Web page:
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Survey for JavaFX Developers Is Underway

Posted by editor on October 5, 2009 at 6:57 AM PDT

Our spotlight this week is the Second JavaFX Survey. Danny Coward notes that the survey provides an opportunity for you "to rate the current feature set and rank the importance of new features the team's working on: tooling, more controls, performance."

Terrence Barr also wrote about the survey:

Today, I am asking you to participate in our 2nd JavaFX developer survey: This one is about your experience developing with JavaFX. We want to hear the good. The bad. The pitfalls. And the stuff that's great and which enables you to create more immersive cross-platform content quicker.

Note that italicized phrase. If you haven't actually done any development using JavaFX, then there won't be many questions you can answer in on the survey.

Terrence says "the data will be reviewed directly by Sun's product development teams." I'm hoping the results will also be made public, since it would be interesting to see what the overall current view of JavaFX is, among developers who have at minimum done some work using JavaFX thus far.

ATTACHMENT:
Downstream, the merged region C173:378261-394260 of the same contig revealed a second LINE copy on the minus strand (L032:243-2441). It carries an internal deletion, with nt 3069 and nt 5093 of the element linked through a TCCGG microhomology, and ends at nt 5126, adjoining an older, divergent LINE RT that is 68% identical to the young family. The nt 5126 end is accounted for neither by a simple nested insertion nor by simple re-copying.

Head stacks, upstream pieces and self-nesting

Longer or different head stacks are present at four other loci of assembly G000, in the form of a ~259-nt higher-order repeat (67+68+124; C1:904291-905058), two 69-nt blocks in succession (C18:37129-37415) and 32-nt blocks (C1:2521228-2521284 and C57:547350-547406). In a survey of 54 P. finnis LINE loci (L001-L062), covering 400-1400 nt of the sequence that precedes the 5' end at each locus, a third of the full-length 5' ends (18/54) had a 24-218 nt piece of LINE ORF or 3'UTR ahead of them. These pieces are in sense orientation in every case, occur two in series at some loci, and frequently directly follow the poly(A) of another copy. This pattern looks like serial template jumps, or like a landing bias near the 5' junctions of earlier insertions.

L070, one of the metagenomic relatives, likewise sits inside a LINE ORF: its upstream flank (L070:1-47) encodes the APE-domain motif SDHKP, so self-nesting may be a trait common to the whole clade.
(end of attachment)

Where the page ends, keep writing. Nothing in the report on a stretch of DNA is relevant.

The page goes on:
Back in early May, we ran a poll where the question was "How quickly will JavaFX be adopted as a rich client technology? At that time, a majority of votes (53%) was cast for the response "It will never be widely used." But almost 40% thought the technology probably had a future, at some level of significance.

A survey like the new JavaFX Survey has as its goal bringing about that future, by enabling the JavaFX development team to respond to the needs of the JavaFX community.


In Java Today, Frank Sommers of Artima Developer points out Chas Emerick's recent post Java is Dead, But You'll Learn to Love It. Frank writes:

In a recent blog post, Chas Emerick writes that,

Java-the-language is dead. Get over it, and realize that because of that fact, you'll probably come to depend upon Java more than you ever thought possible.

Emerick's point is that many systems languages--languages used very widely in creating infrastructure software--reach a level of maturity beyond which new language additions produce diminishing returns. He believes that Java has reached that point some time ago...

The discussion has been active in response to both Chas's original post and Frank's spotlighting of the post.

The java.net Java User Groups Community reported on Kirk Pepperdine's appearance last week at the NYJavaSIG: